Rudderless sailing

share hints, tips and experiences
Post Reply
riverlovejoy
Posts: 10
Joined: Wed Oct 26, 2005 6:59 pm
Location: United Kingdom

Post by riverlovejoy » Fri Apr 27, 2007 11:27 am

Hi all,

I've read in Finnatics the sensible advice to practice sailing without a rudder so you can get off the beach with a fixed one.

My old Finn has a fixed, and there I am practising sailing without it and as you would expect going round in little circles and sitting head to wind. I've tried all the variations I can think of, plate, body position, main sheet etc and it still won't go!

Anyone able to give me a hint?

Riv
Riv

Rupert
Posts: 6224
Joined: Thu Sep 16, 2004 8:40 pm
Location: Cotswold Water Park

Post by Rupert » Fri Apr 27, 2007 12:49 pm

Una rigged boats are far more difficult to sail rudderless, as it is the jib that gives most of the balance. Try sailing for a while with the rudder tied at the centre line till you get the feel of the boat, and then try again. Never tried in a Finn, but I would expect you to need to lift the plate a long way up to bring the CofLR well aft to allow for the missing rudder.
Rupert

User avatar
PeterV
Posts: 1179
Joined: Thu Sep 16, 2004 8:47 pm
Location: Locks Heath, Hampshire

Post by PeterV » Fri Apr 27, 2007 8:02 pm

I've sailed lots without a rudder but found it impossible in a Laser. I've also sailed Finns for many years, usually with fixed rudders, but I've never tried 'conventional' rudderless sailing. Because the centreboard doesn't move aft like most boats you cannot really balance it. However you can sail quite well with the tiller tied amidships.
It used to be very common at a Finn club (there used to be lots in Essex) to sail off the shore if the wind was blowing offshore by getting onto the bow (sitting or standing) and pulling the boom over to one side then sailing downwind out to deeper water, heeling the boat one way or the other to steer. If we had to sail upwind to get off the shore then one technique was to drag a leg in the water on the leeward side to prevent luffing up. I've raced against Chris Law and David Howlett when racing was cancelled where we all stood on the foredeck and raced downwind, then we tied the tillers amidships. It's the only race when I've beaten them. Last weekend I was coming into the pontoon and timed it just wrong so that I got onto the foredeck and the boat didn't quite reach, so I managed to sail it upwind the last bit by pulling the boom across slightly to windward and heeling the boat to steer straight.
So, there are techniques but they're all a little unconventional. Have fun learning!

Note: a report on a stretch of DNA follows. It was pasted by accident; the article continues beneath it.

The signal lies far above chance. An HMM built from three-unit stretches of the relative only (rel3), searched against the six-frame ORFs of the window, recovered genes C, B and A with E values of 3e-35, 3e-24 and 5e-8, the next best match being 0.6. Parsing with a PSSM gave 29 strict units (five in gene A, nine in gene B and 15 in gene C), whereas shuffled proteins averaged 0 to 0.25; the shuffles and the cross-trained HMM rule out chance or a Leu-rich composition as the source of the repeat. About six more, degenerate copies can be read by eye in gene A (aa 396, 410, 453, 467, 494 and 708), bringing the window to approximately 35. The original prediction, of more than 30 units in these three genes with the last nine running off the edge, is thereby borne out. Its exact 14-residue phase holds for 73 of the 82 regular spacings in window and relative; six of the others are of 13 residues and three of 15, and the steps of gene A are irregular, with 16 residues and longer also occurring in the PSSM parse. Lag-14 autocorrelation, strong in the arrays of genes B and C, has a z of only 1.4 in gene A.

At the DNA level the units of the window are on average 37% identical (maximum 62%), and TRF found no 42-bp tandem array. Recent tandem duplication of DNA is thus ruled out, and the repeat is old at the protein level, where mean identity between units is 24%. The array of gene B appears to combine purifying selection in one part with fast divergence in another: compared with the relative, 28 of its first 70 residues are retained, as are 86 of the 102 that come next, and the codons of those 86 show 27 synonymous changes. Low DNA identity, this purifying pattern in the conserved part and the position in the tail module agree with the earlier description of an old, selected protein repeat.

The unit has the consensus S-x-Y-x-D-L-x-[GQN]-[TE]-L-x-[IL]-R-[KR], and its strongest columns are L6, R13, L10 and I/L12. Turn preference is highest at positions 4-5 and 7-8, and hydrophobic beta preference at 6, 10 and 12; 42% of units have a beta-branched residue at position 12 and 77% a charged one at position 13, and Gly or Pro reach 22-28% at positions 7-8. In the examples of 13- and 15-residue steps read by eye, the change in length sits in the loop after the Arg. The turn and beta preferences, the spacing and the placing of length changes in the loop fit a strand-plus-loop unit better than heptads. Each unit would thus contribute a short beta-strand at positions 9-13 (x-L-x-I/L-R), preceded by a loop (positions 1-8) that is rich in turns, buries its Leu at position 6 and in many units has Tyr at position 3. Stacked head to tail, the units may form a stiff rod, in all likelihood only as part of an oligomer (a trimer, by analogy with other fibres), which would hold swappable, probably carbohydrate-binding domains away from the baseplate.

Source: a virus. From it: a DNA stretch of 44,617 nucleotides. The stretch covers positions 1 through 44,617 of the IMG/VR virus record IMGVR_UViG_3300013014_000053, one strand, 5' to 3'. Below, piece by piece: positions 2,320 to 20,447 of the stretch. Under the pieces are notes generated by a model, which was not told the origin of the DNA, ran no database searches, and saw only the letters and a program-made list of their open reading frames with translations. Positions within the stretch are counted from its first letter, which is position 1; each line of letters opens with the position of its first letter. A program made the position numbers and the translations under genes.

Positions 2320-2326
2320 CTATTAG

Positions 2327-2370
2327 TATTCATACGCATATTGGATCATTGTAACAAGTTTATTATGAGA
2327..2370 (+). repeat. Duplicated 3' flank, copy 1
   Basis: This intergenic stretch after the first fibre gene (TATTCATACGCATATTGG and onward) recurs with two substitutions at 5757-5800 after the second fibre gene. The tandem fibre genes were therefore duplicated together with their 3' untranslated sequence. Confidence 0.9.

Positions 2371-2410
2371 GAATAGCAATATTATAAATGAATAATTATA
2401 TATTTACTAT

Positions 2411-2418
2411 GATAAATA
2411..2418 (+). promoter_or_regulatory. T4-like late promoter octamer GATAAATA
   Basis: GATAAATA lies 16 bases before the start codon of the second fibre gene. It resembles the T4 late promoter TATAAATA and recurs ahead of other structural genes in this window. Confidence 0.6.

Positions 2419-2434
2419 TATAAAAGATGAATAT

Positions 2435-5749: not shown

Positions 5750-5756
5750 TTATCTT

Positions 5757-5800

PeterV
Finn K197 & GBR564
Warsash

User avatar
jpa_wfsc
Posts: 1186
Joined: Sun Dec 04, 2005 9:52 pm
Location: Oxford (Work) Coteswold Water Park (Sailing)

Post by jpa_wfsc » Sat Apr 28, 2007 10:00 pm

Hm. I might try that (upwind) I know from teaching youth in toppers that it certainly works downwind. I've seen it done on Laser also. Would not work on the canoe tho.

Rupert - do Moths ever do this sort of thing - or do the stays get in the way?
j./

National 12 "Spider" 2523
Finn K468 'Captain Scarlet'

British Moth, 630, early 60's 'Pisces'

!!!! Not CVRDA !!!!
Comet Trio - something always ready to sail.

User avatar
Ed
Site Admin
Posts: 3472
Joined: Wed Sep 01, 2004 10:11 pm
Location: Plymouth
Contact:

Post by Ed » Mon Apr 30, 2007 9:02 am

Ah.....well just had some recent experiences with sailing IC rudderless.....

As you have a jib....it isn't too bad....and I guess would be easier still with a centreboard rather than daggerboard.

Still caught me out though. Thing is that with the rudder in place - it is in fact very easy to sail without touching the rudder. I had done this many times, so was not that worried when rudder shaft broke (on outgoing tide at Rock mid-week with no-one around), but when I tried, I found that without the rudder being in place, I just spun and spun and there was no way I could gain any movement in a consistent direction. Even when I had sailed out without the rudder-cassette in the boat, it was at least stuck through the hole, providing some purpose as a 'fin'.

Luckily I remembered someone describing a similar thing on the IC forum and they had got back by attaching their boyancy aid to the back of the boat to provide some drag and help boat not spin. I did that and it worked - still not easy, but certainly good enough to get home with, across wind.

cheers

eib
Ed Bremner
CVRDA


Jollyboat J3
Firefly F2942
IC GBR314 ex S51 - 1970 Slurp
MR 638 - Please come and take it away
Phelps Scull
Bathurst Whiff - looking for someone to love it

User avatar
jpa_wfsc
Posts: 1186
Joined: Sun Dec 04, 2005 9:52 pm
Location: Oxford (Work) Coteswold Water Park (Sailing)

Post by jpa_wfsc » Mon Apr 30, 2007 12:57 pm

IC K78 has just come home for some much needed re-varnish of decks. In a few weeks I will have a go at rudderless with her - perhaps just with the ruder tethered to center to start with - as one should be able to deal with problems.

Hats of Ed for achieving a home run!
j./

National 12 "Spider" 2523
Finn K468 'Captain Scarlet'

British Moth, 630, early 60's 'Pisces'

!!!! Not CVRDA !!!!
Comet Trio - something always ready to sail.

Post Reply